There is a problem with Islam .. And this idea of jihad… So although the vast majority of Muslims are law abiding and peaceful, within their faith there is space for more extreme elements who interpret Islam violently, and so will kill other Muslims and people of other faiths and none.

  4. Alan says:

    So it’s western interests responsibility to continue invading sovereign countries? ISIS appears to be the direct result of western/Saudi/Israeli meddling and now we are to face decades of further conflict? Who are to be the beneficiaries of such misery, the weapons industry, monarchical claimants, strategic planners or just plain war profiteers?

  5. Philip says:

    It’s good to see some common sense written about this. Our politicians’ reaction is typical grandstanding. Our problem is that the media can only really concentrate on one issue at a time and tend to oversimplify, exaggerate and often mislead thereby. There seems to be a continuing desire to polarise matters, to build up “the enemy” (whoever they may be at any point in time) as fearsome, evil and “a real and present danger”. Naturally we overreact. One reason why there are so many young British Muslims in Iraq & Syria is because of British overreaction, scapegoating & oversimplification of issues in the past. Just think about all the discussion about “Britishness”. If I was a young British Muslim, I’d see much of that as an attack on my beliefs and customs. You might reasonably say that if people chosen to live here, they should abide by our beliefs and customs. But we can’t expect that to happen overnight. It may well take several generations for Muslims coming from a deeply religious, often backward, rural environment to adapt to British culture. You may say, they shouldn’t be coming here. But they didn’t invite us over there in the first place.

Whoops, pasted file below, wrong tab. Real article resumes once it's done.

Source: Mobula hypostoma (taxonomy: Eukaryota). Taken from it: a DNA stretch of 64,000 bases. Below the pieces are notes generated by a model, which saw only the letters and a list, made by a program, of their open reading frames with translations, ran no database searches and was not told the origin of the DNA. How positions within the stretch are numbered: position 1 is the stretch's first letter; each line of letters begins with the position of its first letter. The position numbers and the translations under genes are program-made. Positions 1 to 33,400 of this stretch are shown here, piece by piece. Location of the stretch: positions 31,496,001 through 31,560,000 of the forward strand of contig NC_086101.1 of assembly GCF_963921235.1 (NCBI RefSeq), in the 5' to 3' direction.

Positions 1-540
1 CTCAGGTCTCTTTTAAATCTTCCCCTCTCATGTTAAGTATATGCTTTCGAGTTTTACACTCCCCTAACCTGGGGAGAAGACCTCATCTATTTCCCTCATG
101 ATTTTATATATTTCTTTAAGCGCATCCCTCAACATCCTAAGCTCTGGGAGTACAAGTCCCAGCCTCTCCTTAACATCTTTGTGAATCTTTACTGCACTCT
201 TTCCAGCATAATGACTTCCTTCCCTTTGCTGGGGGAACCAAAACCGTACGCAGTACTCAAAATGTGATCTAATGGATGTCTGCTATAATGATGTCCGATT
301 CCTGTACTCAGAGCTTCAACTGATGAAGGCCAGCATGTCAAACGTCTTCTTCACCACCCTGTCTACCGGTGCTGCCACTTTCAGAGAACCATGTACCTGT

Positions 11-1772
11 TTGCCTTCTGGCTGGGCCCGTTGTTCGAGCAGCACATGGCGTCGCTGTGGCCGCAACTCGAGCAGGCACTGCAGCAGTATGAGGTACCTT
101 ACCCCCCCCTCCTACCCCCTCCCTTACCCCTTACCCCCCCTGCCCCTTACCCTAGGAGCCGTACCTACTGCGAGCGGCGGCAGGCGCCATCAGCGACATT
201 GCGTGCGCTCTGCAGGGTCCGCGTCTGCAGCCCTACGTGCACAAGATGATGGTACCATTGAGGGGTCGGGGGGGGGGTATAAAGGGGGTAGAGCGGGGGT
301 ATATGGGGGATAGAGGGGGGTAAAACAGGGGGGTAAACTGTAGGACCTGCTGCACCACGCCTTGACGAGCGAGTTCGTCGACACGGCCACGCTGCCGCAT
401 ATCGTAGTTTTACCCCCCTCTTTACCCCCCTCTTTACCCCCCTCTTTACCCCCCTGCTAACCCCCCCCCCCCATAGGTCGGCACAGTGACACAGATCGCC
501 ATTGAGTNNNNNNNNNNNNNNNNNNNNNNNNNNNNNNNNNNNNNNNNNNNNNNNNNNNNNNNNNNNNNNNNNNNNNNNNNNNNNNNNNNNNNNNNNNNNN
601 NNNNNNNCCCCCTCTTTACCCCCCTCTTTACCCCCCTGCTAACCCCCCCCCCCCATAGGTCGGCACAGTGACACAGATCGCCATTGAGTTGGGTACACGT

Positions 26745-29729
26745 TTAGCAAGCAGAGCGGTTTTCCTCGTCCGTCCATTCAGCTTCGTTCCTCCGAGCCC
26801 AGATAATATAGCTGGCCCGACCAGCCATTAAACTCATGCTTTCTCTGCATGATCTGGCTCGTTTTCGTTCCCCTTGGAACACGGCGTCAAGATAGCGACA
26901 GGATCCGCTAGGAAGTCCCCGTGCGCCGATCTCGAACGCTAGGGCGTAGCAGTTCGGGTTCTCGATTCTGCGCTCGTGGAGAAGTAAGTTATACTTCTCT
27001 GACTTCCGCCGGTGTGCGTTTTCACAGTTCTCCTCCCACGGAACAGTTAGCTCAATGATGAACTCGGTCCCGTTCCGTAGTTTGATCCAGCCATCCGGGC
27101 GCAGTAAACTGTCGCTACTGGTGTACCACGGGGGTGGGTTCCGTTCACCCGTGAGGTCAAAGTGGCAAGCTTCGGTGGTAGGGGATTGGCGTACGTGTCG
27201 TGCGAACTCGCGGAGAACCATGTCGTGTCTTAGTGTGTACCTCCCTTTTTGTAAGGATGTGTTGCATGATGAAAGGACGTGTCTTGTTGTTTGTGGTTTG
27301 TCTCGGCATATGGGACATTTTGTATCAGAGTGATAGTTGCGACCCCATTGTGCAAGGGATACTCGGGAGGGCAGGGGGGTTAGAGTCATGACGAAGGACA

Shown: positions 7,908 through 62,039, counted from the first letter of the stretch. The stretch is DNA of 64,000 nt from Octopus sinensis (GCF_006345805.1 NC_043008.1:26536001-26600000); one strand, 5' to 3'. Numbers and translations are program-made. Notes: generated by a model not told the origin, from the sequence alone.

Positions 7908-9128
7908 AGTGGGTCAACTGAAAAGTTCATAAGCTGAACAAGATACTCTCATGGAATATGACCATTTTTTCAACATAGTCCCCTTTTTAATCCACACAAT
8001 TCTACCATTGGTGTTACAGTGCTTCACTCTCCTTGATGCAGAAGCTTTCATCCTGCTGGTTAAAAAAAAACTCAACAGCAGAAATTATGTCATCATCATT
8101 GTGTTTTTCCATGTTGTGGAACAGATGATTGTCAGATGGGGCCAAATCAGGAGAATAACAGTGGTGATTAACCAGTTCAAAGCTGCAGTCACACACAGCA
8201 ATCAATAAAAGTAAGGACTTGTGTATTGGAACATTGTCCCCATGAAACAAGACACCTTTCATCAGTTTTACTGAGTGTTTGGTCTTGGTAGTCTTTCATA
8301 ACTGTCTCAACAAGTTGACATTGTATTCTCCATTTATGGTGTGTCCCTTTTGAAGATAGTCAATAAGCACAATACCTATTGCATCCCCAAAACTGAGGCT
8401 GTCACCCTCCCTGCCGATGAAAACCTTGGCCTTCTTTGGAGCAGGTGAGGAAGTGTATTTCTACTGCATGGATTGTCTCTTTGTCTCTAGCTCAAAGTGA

I agree that the IS – indeed, any organisation that claims to follow Allah or God – is Muslim/Christian in name only if the encourage or require their adherents to kill those who don’t hold the same beliefs. The Koran differs little from the Bible in this. Indeed, far from going to heaven, those who deliberately kill others will be heading the other way (always assuming you believe any of that stuff).